Q: What does a typical
grant look like?
A: Government and foundation grants are quite different.
The typical government grant
consists of 25 pages of narrative describing the project; a series
of forms, including a detailed line-item budget and a separate
budget narrative; and a series of attachments, such as maps, charts,
resumes, a bibliography, and a timeline. Items that cannot be
presented on an 81/2 x 11 sheet of paper, such as a videotape, are not
Foundation grants are much shorter and simpler: typically a five
page narrative, instead of 25, with fewer forms and attachments.
However, the requirements of individual foundations vary widely.
One constant between both types of funders is that the project needs
to be described in detail. Projects that come across as generic are
almost never successful. Therefore, just as much time needs to be
put into thinking about, researching and planning a proposal
regardless of which funder it is submitted to.
Q: Why are some grants
successful while others arenít funded?
A: Successful grants share certain characteristics:
They demonstrate a serious need
for the project.
They present a viable solution to that need Ė usually a
They are ambitious: the results can be replicated in other
They describe the project is sufficient detail to convince readers
that the applicant knows what itís doing.
They show that the applicant has the resources to carry out the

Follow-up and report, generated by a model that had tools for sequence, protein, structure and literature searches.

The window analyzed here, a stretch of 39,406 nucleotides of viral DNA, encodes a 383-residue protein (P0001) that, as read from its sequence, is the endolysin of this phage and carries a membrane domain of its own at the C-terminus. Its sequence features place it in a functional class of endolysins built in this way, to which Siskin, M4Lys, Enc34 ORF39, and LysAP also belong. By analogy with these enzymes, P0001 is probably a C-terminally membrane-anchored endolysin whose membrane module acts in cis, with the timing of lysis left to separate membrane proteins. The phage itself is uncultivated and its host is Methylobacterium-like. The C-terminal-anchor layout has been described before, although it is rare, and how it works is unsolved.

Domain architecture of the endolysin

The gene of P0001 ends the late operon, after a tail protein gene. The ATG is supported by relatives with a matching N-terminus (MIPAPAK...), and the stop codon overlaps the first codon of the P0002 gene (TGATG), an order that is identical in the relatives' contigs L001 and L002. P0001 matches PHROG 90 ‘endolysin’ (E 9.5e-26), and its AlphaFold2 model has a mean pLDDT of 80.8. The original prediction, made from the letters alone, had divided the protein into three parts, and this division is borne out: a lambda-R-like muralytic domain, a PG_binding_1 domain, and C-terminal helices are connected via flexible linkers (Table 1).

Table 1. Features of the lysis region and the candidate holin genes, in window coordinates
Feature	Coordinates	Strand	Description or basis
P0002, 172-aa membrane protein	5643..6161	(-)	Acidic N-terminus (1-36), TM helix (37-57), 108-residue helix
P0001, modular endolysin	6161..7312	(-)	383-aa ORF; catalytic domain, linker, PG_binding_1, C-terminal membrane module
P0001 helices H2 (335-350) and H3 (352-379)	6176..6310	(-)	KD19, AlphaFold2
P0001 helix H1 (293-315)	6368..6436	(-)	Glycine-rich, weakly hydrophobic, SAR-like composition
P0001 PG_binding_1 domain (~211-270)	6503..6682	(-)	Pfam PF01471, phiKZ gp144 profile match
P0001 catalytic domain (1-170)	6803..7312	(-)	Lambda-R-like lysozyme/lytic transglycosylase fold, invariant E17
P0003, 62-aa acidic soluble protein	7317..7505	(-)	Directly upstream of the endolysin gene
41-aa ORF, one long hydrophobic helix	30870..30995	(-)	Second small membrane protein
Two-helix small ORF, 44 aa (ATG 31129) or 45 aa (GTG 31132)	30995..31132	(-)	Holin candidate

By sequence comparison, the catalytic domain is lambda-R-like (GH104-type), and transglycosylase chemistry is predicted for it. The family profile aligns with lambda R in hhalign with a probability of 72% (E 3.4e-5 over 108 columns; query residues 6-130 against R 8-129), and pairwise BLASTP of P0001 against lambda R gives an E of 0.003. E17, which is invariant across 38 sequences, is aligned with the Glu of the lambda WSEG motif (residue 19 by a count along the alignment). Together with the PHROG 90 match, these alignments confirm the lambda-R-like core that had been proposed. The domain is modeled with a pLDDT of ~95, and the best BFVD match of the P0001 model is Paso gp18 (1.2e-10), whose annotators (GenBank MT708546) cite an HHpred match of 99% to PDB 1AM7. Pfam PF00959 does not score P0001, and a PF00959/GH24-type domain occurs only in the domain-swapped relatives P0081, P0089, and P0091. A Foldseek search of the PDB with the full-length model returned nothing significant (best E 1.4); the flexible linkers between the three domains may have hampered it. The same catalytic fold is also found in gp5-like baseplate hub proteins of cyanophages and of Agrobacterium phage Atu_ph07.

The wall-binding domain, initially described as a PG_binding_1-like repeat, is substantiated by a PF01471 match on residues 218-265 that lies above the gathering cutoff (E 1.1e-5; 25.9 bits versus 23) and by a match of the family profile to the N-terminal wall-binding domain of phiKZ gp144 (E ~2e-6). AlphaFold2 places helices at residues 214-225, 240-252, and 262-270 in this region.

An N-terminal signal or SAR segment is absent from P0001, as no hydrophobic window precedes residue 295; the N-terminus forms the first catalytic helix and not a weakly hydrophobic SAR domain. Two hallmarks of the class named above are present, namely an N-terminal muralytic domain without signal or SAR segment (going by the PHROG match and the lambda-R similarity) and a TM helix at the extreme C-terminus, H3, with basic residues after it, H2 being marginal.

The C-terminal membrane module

Q: How much do you
charge for writing a grant?
A: For federal grants, we charge $10,000 for a standard
format, as described above, and scale up or down based on deviations
from the norm. More than 90% of the federal grants we write are
priced between $7,500 and $15,000.
Because foundation grants are
simpler, they are almost always priced lower. Most fall in the
$2,000 to $5,000 range. Five-grant clients receive a 10% discount
from our standard pricing.
Q: Do you work on a
A: No. We work for time and expenses, for these reasons:
Government policy doesnít
permit using grant funds to pay for grant-writing
costs. If we didnít get paid for non-winning grants, our fee for the
winning ones would have to be set so high that you wouldnít have
enough money to conduct the project. Contingency-based pricing
violates the professional code of ethics of the fund-raising field.
Q: Can you guarantee
that if we hire you to write a grant, it will win?
A: No one can make such a promise.
The field is too competitive,
and decisions always involve an element of subjectivity. However,
based on our historic 40% win rate, we are able to guarantee that if
you hire us to write five grants for your organization, at least two
of them will win. If not, we are prepared to back up our guarantee
by writing additional grants at no fee until you have won two.
Since our average fee is $10,000
per grant and the average win is $500,000, based on the mean, you
would spend $50,000 for a $1 million return Ė a 5% cost. Anyone
with fund-raising experience will recognize that this is very
Q: We need money
urgently. If we start now, how soon can we expect to receive a
A: Grant-winning isnít an overnight process. If you need
funds immediately, grants are not the place to start. You should
count on six months to a year from the time you begin the process.
Figure on a month to
conceptualize your project and research the best funder.
Another month to prepare a
proposal according to that funderís guidelines.
Waiting time until the next
cycle ends. Government agencies generally have one funding cycle
annually; foundations, two or four.
Three to six monthsí
processing time from the deadline until you are notified of the
should be one element of a balanced approach to development. We can
help you to make connections with development consultants who do
other types of fund-raising, such as capital campaigns or deferred
We can help you win funding for
the project of your dreams!